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Ex-AMD boss Hector Ruiz pens a book about the chip wars

by Mark Tyson on 15 February 2013, 15:39

Tags: Intel (NASDAQ:INTC), AMD (NYSE:AMD), ATi Technologies (NYSE:AMD)

Quick Link: HEXUS.net/qabssz

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Former AMD chief Hector Ruiz has written a book about his time as the head honcho at AMD. Summoning up parallels to the David and Goliath fable, his book entitled “Slingshot”, details AMD’s struggle against Chipzilla during Ruiz’s time at the helm, spanning from 2000 to 2008. The new book is scheduled to be published on 26th March 2013.

Slingshot: AMD’s Fight to Free an Industry from the Ruthless Grip of Intel

During Ruiz’s time at AMD, Intel were indeed found guilty of anti-competitive practices by courts in Europe, Korea and Japan. Intel had to pay fines in all these territories. In the USA Intel decided to settle out of court, paying $1.25 billion in damages, shortly after Ruiz had left AMD. Due to this out of court settlement, made in 2009, the evidence in the case was never revealed.

What kinds of dirty tricks were going on? According to the WSJ, Ruiz “cites multiple examples of big U.S. and Asian PC makers getting excited about using AMD’s products, only to back away or reduce their commitments under what Ruiz describes as Intel financial inducements or threats.” This was in the face of AMD’s “particularly strong lineup of chips” during the early-to-mid 2000s. During that time Intel’s market muscle unfairly kept AMD away from the juiciest parts of the PC market.

Ruiz says “Project Slingshot”, started while he was at AMD, merited “damages well beyond the $1.25 billion”. Also his investigations “blew the top off of the industry and exposed its unsavory secrets in a way that forced Intel and computer makers to back off their backroom deals, clean up their act and refocus on what really mattered: the customer.”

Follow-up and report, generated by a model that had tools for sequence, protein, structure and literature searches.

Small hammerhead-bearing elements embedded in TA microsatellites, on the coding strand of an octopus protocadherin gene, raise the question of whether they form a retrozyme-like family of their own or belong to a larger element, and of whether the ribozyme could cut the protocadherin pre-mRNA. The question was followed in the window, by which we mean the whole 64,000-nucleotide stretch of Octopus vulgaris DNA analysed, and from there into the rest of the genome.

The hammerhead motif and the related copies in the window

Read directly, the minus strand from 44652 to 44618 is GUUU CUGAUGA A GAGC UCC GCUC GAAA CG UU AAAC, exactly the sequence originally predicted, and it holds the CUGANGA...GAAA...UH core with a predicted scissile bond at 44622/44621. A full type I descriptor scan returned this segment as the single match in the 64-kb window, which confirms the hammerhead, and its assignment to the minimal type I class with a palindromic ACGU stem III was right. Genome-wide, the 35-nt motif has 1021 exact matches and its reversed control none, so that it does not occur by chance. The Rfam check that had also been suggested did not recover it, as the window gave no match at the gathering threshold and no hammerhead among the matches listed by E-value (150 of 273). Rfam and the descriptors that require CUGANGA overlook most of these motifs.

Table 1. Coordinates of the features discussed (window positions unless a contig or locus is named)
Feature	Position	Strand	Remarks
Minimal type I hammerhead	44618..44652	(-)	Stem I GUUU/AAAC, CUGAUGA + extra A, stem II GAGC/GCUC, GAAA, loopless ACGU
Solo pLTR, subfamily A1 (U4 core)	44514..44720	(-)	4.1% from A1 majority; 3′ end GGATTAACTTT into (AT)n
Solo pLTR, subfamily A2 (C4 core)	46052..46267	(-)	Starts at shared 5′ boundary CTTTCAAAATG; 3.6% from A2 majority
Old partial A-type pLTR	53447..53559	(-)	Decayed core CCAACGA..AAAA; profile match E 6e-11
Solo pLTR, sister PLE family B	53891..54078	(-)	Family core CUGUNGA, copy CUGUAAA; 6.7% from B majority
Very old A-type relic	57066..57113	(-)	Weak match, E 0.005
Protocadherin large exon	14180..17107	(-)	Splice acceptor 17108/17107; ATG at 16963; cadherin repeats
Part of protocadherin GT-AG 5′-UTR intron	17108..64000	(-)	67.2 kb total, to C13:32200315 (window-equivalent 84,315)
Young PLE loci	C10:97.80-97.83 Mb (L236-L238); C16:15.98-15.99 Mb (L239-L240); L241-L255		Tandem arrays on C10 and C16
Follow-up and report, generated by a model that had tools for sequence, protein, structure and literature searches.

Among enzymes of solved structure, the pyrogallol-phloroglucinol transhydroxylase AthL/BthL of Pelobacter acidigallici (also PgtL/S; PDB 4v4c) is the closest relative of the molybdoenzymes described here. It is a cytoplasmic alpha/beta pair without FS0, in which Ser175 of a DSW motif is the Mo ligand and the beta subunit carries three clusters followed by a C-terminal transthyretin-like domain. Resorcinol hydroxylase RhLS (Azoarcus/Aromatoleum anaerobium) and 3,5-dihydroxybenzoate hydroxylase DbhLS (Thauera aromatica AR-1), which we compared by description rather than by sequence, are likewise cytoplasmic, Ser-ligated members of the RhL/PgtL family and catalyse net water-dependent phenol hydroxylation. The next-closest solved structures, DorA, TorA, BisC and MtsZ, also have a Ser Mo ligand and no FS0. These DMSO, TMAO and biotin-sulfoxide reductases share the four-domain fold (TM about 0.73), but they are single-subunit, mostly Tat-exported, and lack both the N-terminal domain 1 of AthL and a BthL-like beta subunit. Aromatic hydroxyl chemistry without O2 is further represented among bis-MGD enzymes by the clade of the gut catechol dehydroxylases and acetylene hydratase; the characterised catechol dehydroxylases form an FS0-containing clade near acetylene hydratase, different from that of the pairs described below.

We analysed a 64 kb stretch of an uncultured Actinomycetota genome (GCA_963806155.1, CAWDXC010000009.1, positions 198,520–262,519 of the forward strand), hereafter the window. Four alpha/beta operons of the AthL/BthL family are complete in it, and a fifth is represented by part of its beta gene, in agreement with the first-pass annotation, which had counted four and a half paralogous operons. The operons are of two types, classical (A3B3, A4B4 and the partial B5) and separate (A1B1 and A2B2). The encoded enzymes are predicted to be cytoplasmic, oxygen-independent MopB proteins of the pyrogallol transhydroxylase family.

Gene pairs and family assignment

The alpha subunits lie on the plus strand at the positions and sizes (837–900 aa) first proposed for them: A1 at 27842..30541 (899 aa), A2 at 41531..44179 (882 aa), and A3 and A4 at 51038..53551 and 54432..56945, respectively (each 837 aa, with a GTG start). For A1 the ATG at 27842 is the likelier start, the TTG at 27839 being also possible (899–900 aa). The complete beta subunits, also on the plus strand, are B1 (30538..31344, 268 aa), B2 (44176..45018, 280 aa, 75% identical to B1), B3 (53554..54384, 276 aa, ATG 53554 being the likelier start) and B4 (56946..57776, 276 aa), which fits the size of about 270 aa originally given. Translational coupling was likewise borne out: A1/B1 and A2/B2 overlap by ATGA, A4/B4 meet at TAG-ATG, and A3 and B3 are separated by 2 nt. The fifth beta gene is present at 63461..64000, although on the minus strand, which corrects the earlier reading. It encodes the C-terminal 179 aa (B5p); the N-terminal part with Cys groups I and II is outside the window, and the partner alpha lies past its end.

Xbit labs points out the early successes of Ruiz were on the back of technologies developed during his predecessors’ reign; products using AMD64 technology, K8 microarchitecture and the HyperTransport bus. Ruiz left AMD in 2008 and the Bulldozer and Bobcat microarchitectures, designed under his stewardship, are still yet to make much of their potential.

Rather than his CPU design successes Ruiz may be better remembered for these legal wrangles with Intel, the acquisition of ATI Technologies in 2006 and the large scale selling off of manufacturing facilities to pay for the debts arising from that decision.

Slingshot, the hardback book, is available to pre-order for £13.55 at Amazon.co.uk



HEXUS Forums :: 7 Comments

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Even nowadays I rarely see enough Trinity systems being used in things like tablets and notebooks/laptops. I've always just thought AMD were not marketing their products towards the manufacturers well enough to get them to be used but I wonder if it's Intel's doing still?

I'm not too up to date with the actual financial/sales performance of AMD though (i.e. maybe AMD has sold a ton of their Trinity chips and I just didn't know) so it'd be great if someone could fill me in and answer my doubts.
http://forums.hexus.net/cpus/241925-amd-piledriver-chitchat-63.html#post2815449 [forums.hexus.net]

Not hard evidence of course, but it really wouldn't surprise me.
I'd quite like to buy an A10 laptop when they start appearing. But the market always seems to offer slim pickings for AMD hardware.
They're already available and have been for some time, but like you say they're not exactly filling the shelves in PC stores. Combined with 'experts' in said stores guiding you towards Intel options regardless of your requirements, it's surprising they sell as many as they do.
AMD needs to get customers educated on their products. People walk into a store knowing they want Intel because Intel are better the best or so the perception is. most people fall in the mid market section and should be buying AMD because it will offer the best performance for the money but they don't because they don't know any better or chose to be ignorant about the alternatives.